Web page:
Finally, Pakistan will Orbit the Moon


By Qamar Bashir

Pakistan's ICUBE-Q satellite is set to be transported by China's Chang'e 6 spacecraft,

scheduled to depart from Hainan, China, on Friday, May 3rd, 2024, at 1250 PST of

China’s time. The ICUBE-Q CubeSat is part of the payload of Chang'e 6 and will orbit

the moon to detect traces of ice on its surface from orbit. Developed by the Institute of

Space Technology (IST) in Pakistan, this miniaturized satellite, known as a CubeSat, is

equipped with two optical cameras designed to capture detailed images of the lunar

surface. If successful, the data collected by this miniature satellite will provide valuable

insights into the moon's topography, geological features, and potential resource deposits.

Though a good beginning, Pakistan's space program is currently minuscule compared to

that of its neighbor, India, in several aspects. India has achieved milestones such as

landing on the moon with Chandrayaan-3, reaching Mars with Mangalyaan, launching a

record number of satellites, and developing reliable launch vehicles, mission to study the

sun's corona, accomplishments that Pakistan has not yet matched.

Perhaps it was India's extraordinary ability, teamwork, cohesive leadership, and vision in

pursuing its space program that may have prompted SUPARCO to show signs of life. But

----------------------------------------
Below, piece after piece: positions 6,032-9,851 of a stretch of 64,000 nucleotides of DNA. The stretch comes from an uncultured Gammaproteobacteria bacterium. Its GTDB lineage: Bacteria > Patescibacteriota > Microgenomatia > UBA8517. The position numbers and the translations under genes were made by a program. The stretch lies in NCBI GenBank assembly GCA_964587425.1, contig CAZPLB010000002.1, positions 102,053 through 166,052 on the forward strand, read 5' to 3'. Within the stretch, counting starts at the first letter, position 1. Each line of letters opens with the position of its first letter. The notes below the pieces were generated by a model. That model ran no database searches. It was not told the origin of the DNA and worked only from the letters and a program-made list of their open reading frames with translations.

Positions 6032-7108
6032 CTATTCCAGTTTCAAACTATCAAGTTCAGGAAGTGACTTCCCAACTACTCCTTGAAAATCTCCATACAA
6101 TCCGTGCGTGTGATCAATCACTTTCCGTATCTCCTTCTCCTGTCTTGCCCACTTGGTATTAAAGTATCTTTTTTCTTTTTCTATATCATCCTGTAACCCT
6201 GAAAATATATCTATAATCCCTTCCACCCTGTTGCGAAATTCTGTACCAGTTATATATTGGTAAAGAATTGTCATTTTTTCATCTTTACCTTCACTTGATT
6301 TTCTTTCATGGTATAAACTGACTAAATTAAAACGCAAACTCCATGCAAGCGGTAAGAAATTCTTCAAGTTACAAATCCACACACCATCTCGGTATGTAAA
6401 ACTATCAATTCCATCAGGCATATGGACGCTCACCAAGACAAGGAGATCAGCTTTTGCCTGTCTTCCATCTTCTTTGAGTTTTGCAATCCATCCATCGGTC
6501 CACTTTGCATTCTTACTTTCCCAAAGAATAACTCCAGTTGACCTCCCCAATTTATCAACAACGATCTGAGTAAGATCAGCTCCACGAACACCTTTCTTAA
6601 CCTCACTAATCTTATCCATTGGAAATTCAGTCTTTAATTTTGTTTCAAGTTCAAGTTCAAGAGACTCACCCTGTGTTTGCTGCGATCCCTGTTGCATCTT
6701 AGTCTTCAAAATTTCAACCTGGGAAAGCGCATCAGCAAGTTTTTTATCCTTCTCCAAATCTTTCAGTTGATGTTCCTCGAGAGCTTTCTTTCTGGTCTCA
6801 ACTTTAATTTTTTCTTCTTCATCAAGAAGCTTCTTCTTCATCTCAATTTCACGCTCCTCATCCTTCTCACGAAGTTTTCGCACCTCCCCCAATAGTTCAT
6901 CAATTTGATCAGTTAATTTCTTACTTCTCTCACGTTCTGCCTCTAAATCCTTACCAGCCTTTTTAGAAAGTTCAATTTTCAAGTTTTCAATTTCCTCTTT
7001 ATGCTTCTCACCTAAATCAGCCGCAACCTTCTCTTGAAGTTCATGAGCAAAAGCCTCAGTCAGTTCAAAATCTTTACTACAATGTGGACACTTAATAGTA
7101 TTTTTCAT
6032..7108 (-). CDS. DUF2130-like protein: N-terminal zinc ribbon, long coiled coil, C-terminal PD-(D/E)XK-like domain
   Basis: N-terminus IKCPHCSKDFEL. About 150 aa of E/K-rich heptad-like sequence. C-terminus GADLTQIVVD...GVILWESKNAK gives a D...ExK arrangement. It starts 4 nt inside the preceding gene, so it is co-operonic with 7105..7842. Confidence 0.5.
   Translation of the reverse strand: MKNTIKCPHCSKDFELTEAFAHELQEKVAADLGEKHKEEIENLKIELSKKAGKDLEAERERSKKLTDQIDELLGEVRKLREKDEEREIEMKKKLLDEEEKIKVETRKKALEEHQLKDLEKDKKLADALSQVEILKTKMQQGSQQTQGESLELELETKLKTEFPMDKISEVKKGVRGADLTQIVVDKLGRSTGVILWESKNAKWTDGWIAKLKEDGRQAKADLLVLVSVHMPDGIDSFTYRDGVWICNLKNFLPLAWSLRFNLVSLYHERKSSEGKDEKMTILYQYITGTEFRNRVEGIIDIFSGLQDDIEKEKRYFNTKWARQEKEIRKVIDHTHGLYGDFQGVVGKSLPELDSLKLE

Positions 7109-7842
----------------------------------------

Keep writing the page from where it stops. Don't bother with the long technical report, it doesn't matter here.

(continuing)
Pakistan's institutional capacity is still too low and fragile, and its human resources are

often unimaginative and regimented. This lack of capacity hinders meaningful progress

without relying on foreign assistance.

The Indian space research and development programs have been inspired and led by

visionary leaders such as Dr. Vikram Sarabhai, known as the father of the Indian space

program, who established the Indian National Committee for Space Research

(INCOSPAR), later evolving into the Indian Space Research Organisation (ISRO). Prof.

Satish Dhawan, as ISRO chairman from 1972 to 1984, advanced India's space

capabilities with the successful launch of the SLV-3 and Rohini satellites. Prof. U.R. Rao,

ISRO chairman from 1984 to 1994, oversaw the development of the INSAT and PSLV

programs. Dr. K. Kasturirangan, chairman from 1994 to 2003, led the launch of the IRS

and GSAT satellite series. Dr. A.P.J. Abdul Kalam, renowned for his missile program

contributions, also played a significant role in India's space program, contributing to the

SLV-3 and PSLV programs. These leaders, among others, have guided India's space

exploration, propelling ISRO into a global space leader.

Pakistan's space research and development program has been influenced by several

visionary leaders. Abdus Salam, although not directly involved, advocated for scientific

advancement in the country, laying the groundwork for future endeavors. Dr. Riazuddin,

a prominent physicist, contributed to Pakistan's nuclear and space programs, aiding in the

establishment of SUPARCO. Dr. Abdus Salam Khan, as SUPARCO chairman from 1996

to 2001, oversaw the launch of Pakistan's first indigenously developed satellite, Badr-A.

Dr. Arshad Ali Hakeem, SUPARCO chairman from 2001 to 2006, facilitated the launch

of satellites for communication and remote sensing. These leaders have collectively